Master Leasing -The Safest Way to Get Started in Real Estate (and a great way to acquire property)
In 1978 a good friend of mine got me to joint venture with him on the purchase of my first single family investment property in Colorado Springs. We continued to buy several other houses and a fourplex together. We hired 3 different management firms to run our small portfolio. Sadly, all three firms failed miserably, which forced me into the management business by default.
Initially I just managed properties I owned or in which I had an ownership interest. Eventually I expanded and took on others’ properties to increase income and help cover overhead expenses.
As the business grew, I quickly became aware that the toughest part of property management was not dealing with tenants, but dealing with the property owners who would eat up my time and increase my stress with questions and suggestions about their properties. It was difficult for them to understand that only one of us could manage their property.
In 1984 I stumbled onto a better way to do business.
I had a good friend with a problem house he had taken back through foreclosure. He wanted me to manage the property; however, I had very little interest in doing that. Over lunch in one day, I offered to lease his property from him for 35 years at a fixed monthly amount with the right to sub-lease the house to others.
This is an example of a master lease. I told him that if I wasn’t making $1,000 per month spread on the rents by the end of the lease, then I had made a terrible mistake to have made the offer.
Surprisingly, my friend, a licensed real estate broker, agreed to accept my proposal and that transaction changed my real estate life and the lives of many others who currently master lease houses all over the country.
in October of 1996 I cancelled all my management agreements and leased the properties I used to manage. At our high water mark we master leased over 100 single family houses. I found this gave me more control over managing the properties since owners only had the rights given to them in their contracts with my company.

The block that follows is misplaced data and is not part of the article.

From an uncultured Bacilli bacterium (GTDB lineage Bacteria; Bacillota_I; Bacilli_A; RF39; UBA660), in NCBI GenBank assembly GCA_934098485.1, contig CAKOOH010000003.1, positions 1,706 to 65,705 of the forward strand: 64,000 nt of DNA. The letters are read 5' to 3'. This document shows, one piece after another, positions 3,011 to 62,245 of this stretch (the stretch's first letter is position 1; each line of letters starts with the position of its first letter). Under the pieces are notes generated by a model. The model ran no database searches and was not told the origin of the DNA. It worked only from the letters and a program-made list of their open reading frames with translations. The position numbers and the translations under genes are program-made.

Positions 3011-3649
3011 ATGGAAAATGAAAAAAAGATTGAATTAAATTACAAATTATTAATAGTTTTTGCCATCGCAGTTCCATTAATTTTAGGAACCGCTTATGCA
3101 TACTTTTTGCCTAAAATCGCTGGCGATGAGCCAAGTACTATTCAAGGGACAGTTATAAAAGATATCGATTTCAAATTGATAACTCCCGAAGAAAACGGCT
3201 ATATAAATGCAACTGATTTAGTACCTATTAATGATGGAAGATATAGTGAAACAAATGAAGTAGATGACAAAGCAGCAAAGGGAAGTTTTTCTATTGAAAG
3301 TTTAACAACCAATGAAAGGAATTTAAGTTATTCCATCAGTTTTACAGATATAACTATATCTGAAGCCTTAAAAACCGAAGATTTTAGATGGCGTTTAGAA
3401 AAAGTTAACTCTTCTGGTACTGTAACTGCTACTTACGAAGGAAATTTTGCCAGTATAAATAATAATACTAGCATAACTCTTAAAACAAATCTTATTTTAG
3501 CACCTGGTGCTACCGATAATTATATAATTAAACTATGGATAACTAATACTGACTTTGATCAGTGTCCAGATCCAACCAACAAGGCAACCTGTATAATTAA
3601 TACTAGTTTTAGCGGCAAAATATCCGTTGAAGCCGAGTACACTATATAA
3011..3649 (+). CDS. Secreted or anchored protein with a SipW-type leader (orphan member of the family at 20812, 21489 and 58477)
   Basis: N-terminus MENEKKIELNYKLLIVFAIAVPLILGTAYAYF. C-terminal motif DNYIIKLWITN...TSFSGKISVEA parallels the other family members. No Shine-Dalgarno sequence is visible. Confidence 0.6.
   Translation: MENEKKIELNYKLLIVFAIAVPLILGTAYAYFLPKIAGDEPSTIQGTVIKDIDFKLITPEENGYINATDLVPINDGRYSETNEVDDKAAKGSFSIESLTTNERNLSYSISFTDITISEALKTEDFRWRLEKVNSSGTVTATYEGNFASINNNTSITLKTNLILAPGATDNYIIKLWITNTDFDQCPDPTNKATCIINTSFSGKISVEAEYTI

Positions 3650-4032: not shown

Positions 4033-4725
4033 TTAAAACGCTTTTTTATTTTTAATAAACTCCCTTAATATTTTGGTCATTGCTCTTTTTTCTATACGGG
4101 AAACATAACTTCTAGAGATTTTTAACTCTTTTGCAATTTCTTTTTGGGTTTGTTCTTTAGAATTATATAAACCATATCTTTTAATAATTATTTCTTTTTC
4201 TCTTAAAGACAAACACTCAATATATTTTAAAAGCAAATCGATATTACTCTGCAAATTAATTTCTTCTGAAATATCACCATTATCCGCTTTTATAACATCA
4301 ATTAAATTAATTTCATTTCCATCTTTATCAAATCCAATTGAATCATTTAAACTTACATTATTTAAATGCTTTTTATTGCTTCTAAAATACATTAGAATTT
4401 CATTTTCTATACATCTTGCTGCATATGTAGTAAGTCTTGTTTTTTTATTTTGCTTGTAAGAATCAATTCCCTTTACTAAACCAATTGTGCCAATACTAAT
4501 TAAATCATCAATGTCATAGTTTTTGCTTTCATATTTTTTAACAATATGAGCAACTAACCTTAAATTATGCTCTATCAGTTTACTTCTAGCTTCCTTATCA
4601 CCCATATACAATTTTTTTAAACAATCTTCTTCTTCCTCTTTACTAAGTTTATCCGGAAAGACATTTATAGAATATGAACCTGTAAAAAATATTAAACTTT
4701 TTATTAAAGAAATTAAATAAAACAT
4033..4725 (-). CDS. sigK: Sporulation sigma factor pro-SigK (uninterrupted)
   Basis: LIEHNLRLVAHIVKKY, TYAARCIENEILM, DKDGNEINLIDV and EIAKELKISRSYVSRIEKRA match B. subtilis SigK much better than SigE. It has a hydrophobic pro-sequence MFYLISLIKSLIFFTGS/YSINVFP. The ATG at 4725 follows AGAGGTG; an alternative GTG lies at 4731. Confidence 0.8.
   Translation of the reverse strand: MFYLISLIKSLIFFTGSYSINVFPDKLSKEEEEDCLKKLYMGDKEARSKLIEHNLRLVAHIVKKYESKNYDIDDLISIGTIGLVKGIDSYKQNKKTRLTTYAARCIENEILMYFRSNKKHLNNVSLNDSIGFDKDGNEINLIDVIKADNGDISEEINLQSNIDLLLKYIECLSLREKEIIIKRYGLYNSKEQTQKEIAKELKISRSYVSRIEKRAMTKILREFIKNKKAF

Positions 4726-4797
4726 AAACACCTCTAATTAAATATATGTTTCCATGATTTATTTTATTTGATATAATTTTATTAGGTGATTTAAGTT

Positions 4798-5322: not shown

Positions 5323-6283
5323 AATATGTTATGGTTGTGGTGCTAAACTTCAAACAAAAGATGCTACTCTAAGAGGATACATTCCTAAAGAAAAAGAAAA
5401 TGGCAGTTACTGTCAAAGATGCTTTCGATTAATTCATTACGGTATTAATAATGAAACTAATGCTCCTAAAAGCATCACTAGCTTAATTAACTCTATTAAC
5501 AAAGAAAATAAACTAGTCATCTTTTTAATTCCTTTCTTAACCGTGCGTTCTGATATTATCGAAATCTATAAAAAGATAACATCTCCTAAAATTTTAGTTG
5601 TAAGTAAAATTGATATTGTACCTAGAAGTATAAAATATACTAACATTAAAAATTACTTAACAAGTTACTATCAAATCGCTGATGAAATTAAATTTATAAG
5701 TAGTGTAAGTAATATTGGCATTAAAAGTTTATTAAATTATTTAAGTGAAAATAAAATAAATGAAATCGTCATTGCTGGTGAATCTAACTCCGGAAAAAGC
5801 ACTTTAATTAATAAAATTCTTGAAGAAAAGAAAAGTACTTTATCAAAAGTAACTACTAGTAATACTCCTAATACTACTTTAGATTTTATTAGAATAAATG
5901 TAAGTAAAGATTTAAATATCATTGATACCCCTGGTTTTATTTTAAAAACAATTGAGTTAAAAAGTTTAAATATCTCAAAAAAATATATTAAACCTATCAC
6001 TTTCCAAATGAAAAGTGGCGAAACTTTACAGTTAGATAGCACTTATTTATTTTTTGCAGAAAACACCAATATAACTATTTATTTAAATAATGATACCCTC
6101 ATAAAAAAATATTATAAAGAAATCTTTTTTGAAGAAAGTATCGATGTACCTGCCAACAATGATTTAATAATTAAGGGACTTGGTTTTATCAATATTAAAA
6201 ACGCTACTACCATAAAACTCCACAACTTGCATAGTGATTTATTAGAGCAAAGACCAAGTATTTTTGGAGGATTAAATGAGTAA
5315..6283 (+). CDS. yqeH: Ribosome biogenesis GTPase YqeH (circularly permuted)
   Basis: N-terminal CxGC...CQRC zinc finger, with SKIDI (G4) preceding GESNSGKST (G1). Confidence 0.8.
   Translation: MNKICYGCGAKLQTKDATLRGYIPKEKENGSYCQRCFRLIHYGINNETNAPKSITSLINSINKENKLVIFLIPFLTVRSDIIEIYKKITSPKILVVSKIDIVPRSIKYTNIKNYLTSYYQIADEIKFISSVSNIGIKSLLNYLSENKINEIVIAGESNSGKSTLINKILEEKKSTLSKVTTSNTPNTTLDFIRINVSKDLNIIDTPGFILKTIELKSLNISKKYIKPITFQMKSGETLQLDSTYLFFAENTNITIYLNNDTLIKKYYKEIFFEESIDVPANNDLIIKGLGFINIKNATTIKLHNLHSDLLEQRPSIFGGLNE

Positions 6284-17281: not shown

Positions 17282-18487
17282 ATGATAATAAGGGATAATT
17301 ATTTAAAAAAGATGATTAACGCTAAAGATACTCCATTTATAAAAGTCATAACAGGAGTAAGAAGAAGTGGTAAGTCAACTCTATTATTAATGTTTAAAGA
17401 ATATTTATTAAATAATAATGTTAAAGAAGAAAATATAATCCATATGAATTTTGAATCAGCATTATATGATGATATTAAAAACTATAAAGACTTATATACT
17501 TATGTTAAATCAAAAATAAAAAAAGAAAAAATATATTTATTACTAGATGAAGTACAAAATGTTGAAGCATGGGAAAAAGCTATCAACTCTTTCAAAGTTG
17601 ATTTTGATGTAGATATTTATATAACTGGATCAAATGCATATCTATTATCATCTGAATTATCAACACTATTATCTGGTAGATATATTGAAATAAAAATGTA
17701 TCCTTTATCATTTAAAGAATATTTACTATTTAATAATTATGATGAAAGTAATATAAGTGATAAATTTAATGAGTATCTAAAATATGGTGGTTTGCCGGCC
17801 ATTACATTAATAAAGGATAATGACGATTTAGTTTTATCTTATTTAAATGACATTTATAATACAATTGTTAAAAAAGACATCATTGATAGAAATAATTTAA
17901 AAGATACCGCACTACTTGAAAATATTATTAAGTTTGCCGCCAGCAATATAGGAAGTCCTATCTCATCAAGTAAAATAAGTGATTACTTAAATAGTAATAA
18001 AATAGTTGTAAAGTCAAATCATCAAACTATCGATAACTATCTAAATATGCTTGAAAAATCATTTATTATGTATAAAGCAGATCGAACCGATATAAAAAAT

I no longer had a standard template that I offered to property owners. Now I could tailor each contract to the needs of the owner and keep whatever real estate benefits, including cash flow, were left. If owners were averse to risk, I could offer to guarantee rents and the payment of expenses up to a stop-loss. If they were willing to accept some risk for a higher return, I could lease and sub-lease their property on a performance basis.
I could also guarantee a base rent and a percentage of the rent received above that amount if it better met their needs.
I no longer offered a ‘one size fits all’ rental contract but tailored each transaction to the individual owner’s needs. Leasing houses allowed me to ‘test drive’ houses to see how they performed as rentals prior to determining if I might ever want to own them. It also allowed me the time to gain the owners’ trust by doing more than I said I would do in our business arrangement. It ended up being a wonderful way to acquire equity or title to properties I liked with favorable terms.
Master leasing allows the master tenant to deal with properties he or she may not be able to afford to purchase but which make great rentals. It also gives them protection against getting caught in an economic downturn like 2008 to 2010 when many investors lost their properties and ended up being forced out of the real estate business.
Master leasing is what we have suggested our kids and others to do to get started in this business. It has worked well for many, since little or no capital is needed to produce positive cash flow using someone else’s property.
Opportunities appear when you solve others’ problems, and a vacant house can be a huge problem for most people!
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